Francis’s packed August schedule includes a daunting trip to Ireland
Pope Francis is back to work this coming week, after a month of “staycation” in the Casa Santa Marta. His schedule was reduced, and his General Audiences were suspended for the month of July. The Pope was not, however, given over entirely to rest and relaxation.
Major scandals were on his desk in July, the biggest of which by far was the ongoing McCarrick Affair. For the first time since 1927, the Pope accepted the resignation of a member of the College of Cardinals. Last time it was the French Jesuit, Louis Billot, and the catalyst of the resignation was a contretemps over the Frenchman’s political activities in support of the radical reactionary group, Action Française.
That said, Billot had repeatedly asked to be allowed to resign: he was never comfortable in his red hat, and had principled reasons apart from his interest in the French monarchist-integralist movement. This time, the circumstances are rather different.
McCarrick is accused of sexual offences against many victims – some of them minors and others seminarians and priests – over a period of nearly 50 years, during which he rose to the pinnacle of power and prestige in the Church.
Whatever the outcome of any canonical or civil investigations, the story has already refocussed the world’s attention onto the abuse crisis.
The story is all the more unsettling because McCarrick was chosen by the US bishops to implement and be the public face of their child protection reforms when the abuse crisis in the US Church first became a scandal and international news story in 2002. However bad you think it is in the Church these days, it’s worse.
It would not be surprising if the McCarrick Affair, and the worldwide crisis it indicates, dominated Pope Francis’s thoughts this summer and for the foreseeable future.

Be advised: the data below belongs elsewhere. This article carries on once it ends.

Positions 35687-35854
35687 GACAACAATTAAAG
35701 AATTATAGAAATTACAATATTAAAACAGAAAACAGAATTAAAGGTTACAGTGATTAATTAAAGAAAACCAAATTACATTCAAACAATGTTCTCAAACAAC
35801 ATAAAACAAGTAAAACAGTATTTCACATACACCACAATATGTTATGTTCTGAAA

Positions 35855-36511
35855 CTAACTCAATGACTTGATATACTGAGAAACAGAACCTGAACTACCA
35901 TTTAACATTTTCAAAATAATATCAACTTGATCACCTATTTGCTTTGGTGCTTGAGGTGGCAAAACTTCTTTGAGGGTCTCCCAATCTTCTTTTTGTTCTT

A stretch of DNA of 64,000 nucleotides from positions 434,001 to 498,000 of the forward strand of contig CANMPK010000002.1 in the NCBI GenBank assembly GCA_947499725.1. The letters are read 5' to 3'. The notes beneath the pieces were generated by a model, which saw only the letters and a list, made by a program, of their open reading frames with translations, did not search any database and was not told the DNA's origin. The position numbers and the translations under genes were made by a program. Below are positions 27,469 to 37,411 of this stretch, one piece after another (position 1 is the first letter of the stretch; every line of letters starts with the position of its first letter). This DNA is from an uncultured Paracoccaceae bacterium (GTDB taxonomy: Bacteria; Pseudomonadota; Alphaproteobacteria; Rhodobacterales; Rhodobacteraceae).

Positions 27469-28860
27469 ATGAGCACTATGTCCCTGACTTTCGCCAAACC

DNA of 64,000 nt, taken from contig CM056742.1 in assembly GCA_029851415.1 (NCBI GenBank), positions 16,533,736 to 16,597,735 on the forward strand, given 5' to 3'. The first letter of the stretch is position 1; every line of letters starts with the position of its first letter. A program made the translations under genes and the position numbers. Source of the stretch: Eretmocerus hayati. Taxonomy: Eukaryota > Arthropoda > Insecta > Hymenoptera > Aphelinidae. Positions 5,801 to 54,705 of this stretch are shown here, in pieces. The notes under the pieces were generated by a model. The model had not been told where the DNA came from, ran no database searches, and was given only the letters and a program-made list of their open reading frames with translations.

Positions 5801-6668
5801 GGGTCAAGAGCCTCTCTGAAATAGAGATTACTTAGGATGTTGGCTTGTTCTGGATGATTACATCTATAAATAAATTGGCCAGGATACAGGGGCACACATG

Perhaps paradoxically, that’s precisely why he needs his rest – and if his reduced schedule in July offered him some small respite from the daily grind, Francis was nevertheless very much at work. In the midst of burgeoning scandal and crisis, it’s tough sometimes to remember that the man also has to fulfil the ordinary duties of a pope, which are innumerable.
He started July with a pair of major engagements: one with participants in an international conference to mark the third anniversary of his encyclical Laudato Si’, on the duty to exercise responsible stewardship of the created order; another in the southern Italian city of Bari, to pray with religious leaders for peace in the Middle East. Meanwhile, Francis has kept up a steady stream of private meetings with churchmen and other groups of visitors. He even celebrated the wedding of a Swiss Guardsman in the church of St. Stephen of the Abyssinians in the Vatican. He also held a consistory to move forward on some causes of saints.
That consistory generated a good bit of buzz in some circles when it was announced. One holy person – Blessed Nunzio Sulprizio, a young fellow from Italy’s Abruzzo region, who lived a life of heroic patience in the face of great suffering and adversity, and died at age 19 – was added to the list of those to be canonized on October 14th. That means it will take place during the General Assembly of the Synod of Bishops, alongsie the canonisations of Oscar Romero and Paul VI. (There’s a neat wrinkle to that part of the story, by the way: it was Paul VI who beatified Nunzio in 1963.)
Pope Francis heads back to work – mostly – with a full slate in front of him, including travel.
On August 25-26, the Pope will be in Ireland for the World Meeting of Families. One great challenge of his visit will be to shore up support for a Church in profound crisis. Everyone expects him to face a tough two days.
The Church in Ireland is devastated. The once proudly, fiercely Catholic people of Ireland are reeling and bitterly angry over the years of systematic abuse committed by priests and religious, and the coverup of that abuse by Church leaders. They’ve stopped going to Mass. They voted to amend their constitution to allow same-sex marriage in 2015 – even while marrige itself declines. (The most recent census report shows more than double the number of Irish couples cohabiting than reported having similar arrangements in the previous one.) Just this year, the Irish people voted to remove a constitutional protection on children in the womb.
It would be hard – but fair – to say that the Irish people are in rebellion against the Faith – though it is not hard to understand the roots of that rebellion.
At the end of September, the Pope heads to Latvia, Lithuania, and Estonia. That trip deserves a series of its own. Suffice it to say that it will be delicate, complicated, politically fraught, and charged with ecumenical significance. If you’d asked me ten years ago, which of the two trips was going to be the more difficult, I’d have told you it would be this one – eyes closed, hands down.
In the meantime, recess – such as it has been – is over.